• We call it a Street Car not a trolly. You can take the Street Car all the way to the cemeteries located in Mid City which used to be the outskirts of the city.

Canal Street Mardi Gras

  • It is a Neutral Ground, not a median. That strip in-between streets. You see the French and the Spanish didn’t like each other much and that strip was considered a “Neutral Ground” where they could do business without insulting their French of Spanish sensibilities. When you know someone who is riding on a float during a parade – you gotta ask them “What side?” They’ll respond with “#18 Neutral Ground or Street Side” meaning what side of the float they are on and the float number.
  • Anything with an oux  is oo and eaux is pronounced like an “O” – It is Geaux aka Go – Not Goo. But it is Roux – roo – not Row. I know. Sorry!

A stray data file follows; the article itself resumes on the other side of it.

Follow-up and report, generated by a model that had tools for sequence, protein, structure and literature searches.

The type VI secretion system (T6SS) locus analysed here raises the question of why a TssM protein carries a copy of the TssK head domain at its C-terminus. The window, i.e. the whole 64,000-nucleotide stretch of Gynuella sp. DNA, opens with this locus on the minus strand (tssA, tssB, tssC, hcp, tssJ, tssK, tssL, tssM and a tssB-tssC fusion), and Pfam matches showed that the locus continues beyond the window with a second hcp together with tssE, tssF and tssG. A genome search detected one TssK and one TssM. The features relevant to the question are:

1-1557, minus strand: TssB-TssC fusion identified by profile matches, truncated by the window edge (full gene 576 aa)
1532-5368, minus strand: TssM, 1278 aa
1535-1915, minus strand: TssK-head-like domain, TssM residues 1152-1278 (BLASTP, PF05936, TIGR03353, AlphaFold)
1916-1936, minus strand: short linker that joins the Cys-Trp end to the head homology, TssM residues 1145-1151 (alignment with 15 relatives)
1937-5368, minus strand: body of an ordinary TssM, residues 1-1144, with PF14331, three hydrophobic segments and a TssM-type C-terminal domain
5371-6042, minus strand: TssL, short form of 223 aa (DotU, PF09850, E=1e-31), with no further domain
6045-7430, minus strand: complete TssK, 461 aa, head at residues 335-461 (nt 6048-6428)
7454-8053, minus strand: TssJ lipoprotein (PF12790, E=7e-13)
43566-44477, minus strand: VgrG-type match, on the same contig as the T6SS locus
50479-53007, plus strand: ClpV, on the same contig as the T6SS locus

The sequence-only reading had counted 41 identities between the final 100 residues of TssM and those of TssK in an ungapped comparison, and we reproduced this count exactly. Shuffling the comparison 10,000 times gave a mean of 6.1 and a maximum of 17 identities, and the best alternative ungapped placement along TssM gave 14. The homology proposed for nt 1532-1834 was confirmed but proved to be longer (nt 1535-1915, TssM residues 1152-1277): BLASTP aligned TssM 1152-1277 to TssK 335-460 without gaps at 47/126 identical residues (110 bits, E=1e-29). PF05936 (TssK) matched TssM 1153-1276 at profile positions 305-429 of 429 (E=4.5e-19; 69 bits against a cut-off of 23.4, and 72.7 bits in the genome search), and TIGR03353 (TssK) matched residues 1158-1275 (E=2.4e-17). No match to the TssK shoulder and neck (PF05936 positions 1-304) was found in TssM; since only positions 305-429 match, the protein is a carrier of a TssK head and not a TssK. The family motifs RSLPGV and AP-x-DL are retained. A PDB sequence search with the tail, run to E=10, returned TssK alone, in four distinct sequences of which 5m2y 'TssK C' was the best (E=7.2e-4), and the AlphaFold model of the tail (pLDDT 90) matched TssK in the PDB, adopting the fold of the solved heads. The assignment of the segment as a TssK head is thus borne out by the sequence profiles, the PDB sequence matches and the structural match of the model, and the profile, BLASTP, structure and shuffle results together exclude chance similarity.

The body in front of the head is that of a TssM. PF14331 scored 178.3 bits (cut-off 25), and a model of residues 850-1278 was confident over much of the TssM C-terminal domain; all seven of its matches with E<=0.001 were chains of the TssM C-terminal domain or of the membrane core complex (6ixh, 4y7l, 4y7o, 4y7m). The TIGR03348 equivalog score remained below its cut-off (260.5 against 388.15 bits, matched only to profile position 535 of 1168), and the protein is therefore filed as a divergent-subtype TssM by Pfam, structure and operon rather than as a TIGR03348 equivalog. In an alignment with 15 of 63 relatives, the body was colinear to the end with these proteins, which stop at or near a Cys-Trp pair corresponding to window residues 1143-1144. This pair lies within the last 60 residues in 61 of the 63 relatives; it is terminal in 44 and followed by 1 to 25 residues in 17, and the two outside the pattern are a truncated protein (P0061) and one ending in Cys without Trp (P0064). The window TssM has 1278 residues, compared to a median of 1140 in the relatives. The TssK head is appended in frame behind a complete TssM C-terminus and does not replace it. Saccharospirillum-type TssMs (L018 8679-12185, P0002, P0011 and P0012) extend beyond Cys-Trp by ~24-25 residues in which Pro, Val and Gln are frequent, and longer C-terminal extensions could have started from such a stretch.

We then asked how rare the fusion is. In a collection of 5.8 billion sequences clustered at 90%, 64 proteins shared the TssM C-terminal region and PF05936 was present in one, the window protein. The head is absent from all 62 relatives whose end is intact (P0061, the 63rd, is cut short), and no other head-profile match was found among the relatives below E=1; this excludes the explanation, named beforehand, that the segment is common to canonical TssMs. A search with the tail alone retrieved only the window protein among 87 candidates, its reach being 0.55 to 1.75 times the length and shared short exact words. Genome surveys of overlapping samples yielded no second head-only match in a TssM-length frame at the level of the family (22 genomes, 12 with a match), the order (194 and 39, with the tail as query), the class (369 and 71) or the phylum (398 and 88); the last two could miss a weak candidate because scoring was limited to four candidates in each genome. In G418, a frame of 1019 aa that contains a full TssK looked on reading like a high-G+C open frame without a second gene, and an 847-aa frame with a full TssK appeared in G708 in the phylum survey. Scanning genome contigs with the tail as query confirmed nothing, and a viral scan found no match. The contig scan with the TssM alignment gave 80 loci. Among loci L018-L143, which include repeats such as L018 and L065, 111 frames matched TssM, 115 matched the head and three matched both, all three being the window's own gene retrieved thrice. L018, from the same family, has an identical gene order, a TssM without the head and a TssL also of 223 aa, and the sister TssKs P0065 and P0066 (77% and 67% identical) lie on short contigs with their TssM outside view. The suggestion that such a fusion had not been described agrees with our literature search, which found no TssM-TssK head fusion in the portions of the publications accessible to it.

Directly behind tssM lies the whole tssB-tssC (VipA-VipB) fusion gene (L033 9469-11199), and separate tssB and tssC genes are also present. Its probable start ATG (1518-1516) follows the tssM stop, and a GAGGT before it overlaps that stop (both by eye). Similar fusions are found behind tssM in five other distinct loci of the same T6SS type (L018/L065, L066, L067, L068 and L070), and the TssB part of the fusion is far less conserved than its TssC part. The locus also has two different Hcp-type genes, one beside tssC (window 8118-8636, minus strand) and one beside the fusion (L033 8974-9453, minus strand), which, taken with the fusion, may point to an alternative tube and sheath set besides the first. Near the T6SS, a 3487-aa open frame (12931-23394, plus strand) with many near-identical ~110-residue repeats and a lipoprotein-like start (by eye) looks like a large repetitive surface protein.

• Yes, bars do not close in New Orleans. Well most of them don’t. Confession time, I have been in a bar drinking at 7am. I was just leaving.
  • Lagniappe – Lan-yap – is something free. Or a little bit of extra for free. If I’m giving you a lagniappe – I’m throwing in something extra cause you are a bit of awesome. Like giving your kid a sucker with that beer purchase you just made…
  • It is a Snowball not a Snow Cone – and you have never tasted anything like it.  Get one and leave the Quarter to get one. We recommend: Hansen’s Sno-Bliz (4801 Tchoupitoulas St.,  (Chop – a – tool – is) or Sal’s Sno-balls (1823 Metairie Road, Metairie)
  • We do talk funny, but we do not have a Southern Drawl.
  • We like to separate ourselves from the rest of the people – we barely acknowledge that we are located in Louisiana. We are a unique breed of people. Austin has to post billboards saying “Keep Austin Weird” – we don’t have to post billboards, we know we’re weird. If you don’t believe us – strike up a conversation with your waitress or bartender, even the doorman at your hotel. I bet you’ll know their life story by the end of the conversation. And it will always be interesting.